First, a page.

Bees can do a whole lot more than just buzz. When faced with a deadly 'murder' hornet, a new study has found Asian honeybees (Apis cerana) can respond with a complex repertoire of warning signals.

These signals are so sophisticated, researchers have compared them to the alarm shrieks, fear screams, and panic calls of primates, birds, and meerkats.

Some of the recorded bee calls – known as 'antipredator pipes' – have never been described in this species before and seem to arise only when a particularly deadly predator is present.

The Asian hornet (Vespa velutina) and especially the giant hornet (V. soror) certainly fit the bill. These voracious predators – closely related to the 'murder hornets' recently found in North America – frequently attack bee hives, and in unfortunate cases, may even destroy an entire colony, slaughtering the bees one by one.

So, when a scouting hornet or even just its scent is detected near the hive, there's no time for the colony to lose.

When the presence of predatory hornets was sensed, researchers found worker bees at the hive entrance strung their antipredator pipes together into "longer, insistent messages, analogous to how individual clangs of a bell contribute to a sustained fire alarm."

Technically, these alarm bells are actually vibroacoustic signals, or short pulses of vibration and sound frequencies produced by a bee's wings and thorax.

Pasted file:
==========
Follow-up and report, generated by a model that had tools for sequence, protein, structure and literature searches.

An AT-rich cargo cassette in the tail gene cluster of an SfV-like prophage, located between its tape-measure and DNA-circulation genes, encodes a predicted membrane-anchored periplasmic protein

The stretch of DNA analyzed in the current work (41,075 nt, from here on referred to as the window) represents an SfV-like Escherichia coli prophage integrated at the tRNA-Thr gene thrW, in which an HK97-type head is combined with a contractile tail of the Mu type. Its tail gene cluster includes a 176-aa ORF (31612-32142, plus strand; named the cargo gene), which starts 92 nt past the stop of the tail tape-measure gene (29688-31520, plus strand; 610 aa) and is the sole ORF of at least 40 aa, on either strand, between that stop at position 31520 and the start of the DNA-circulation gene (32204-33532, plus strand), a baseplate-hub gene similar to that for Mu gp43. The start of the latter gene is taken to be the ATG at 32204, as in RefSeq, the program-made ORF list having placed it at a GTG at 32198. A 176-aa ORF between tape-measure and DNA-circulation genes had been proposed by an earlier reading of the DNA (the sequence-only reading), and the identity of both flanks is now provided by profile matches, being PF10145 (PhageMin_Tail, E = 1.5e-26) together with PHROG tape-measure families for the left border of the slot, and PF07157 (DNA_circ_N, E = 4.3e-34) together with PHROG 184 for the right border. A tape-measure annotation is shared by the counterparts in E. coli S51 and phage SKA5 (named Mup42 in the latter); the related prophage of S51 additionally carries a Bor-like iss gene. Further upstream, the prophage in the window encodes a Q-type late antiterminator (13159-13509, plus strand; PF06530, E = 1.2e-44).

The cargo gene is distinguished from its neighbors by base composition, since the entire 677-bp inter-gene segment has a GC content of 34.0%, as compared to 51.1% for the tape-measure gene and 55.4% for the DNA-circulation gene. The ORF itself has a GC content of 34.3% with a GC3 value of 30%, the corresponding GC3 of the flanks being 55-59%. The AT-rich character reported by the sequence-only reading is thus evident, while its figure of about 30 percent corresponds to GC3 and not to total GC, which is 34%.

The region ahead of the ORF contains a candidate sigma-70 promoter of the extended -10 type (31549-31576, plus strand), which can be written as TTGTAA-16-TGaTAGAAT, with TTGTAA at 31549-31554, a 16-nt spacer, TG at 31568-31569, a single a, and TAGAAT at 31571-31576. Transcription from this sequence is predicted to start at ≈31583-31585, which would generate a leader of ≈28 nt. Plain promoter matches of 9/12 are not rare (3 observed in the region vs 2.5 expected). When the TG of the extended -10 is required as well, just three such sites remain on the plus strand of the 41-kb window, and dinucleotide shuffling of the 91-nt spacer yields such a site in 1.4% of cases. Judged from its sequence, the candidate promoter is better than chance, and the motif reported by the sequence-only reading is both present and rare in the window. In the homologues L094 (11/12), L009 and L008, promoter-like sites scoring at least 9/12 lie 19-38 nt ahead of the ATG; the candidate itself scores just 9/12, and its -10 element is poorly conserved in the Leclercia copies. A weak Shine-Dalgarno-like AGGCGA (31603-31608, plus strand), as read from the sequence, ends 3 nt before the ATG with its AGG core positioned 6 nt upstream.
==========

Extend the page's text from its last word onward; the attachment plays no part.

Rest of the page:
Even when there isn't a threat around, Asian honeybees are always 'buzzing' to some extent, 'hissing' as a group or 'head-butting' each other with vibrational pulses (although we still don't really know what these signals convey).

According to the current research, which gathered nearly 30,000 honeybee signal recordings, when a murder hornet shows up, the usual hissing and head-butting increases by seven-fold.

At the same time, worker bees also begin making antipredatory pipes, which are harsher and more irregular in their frequencies.

Video recordings show the bees make this antipredatory signal by raising their abdomens, buzzing their wings and racing about "frantically".

In some cases, the signals seem to cause worker bees at the hive's entrance to go into defense mode, spreading animal dung on the hive to repel predators, or trying to form a ball of bees around the scouting hornet, which heats it to death.

It's hard to say if the antipredatory pipes carry messages about either of these specific defensive actions, but as a whole, the robust database of new recordings suggests bee pipes are a "rallying call for collective defense".

"These sophisticated defences require timely predator detection and swift activation of a defending workforce," the authors write.

"Vibroacoustic signals likely play an important role in organizing these responses because they are transmitted quickly between senders and receivers within nests."

Compared to a swarm of giant murder hornets, researchers found attacks by smaller hornet species that hunt on their own didn't cause quite as much chaos in the honeybee colony. The anti-predatory pipes were initiated less often as well. It's therefore possible this newly described call is specially evolved for murder hornets.

"This research shows how amazingly complex signals produced by Asian hive bees can be," says behavioral ecologist Gard Otis from the University of Guelph in Canada.

"We feel like we have only grazed the surface of understanding their communication. There's a lot more to be learned."

The study was published in Royal Society Open Science.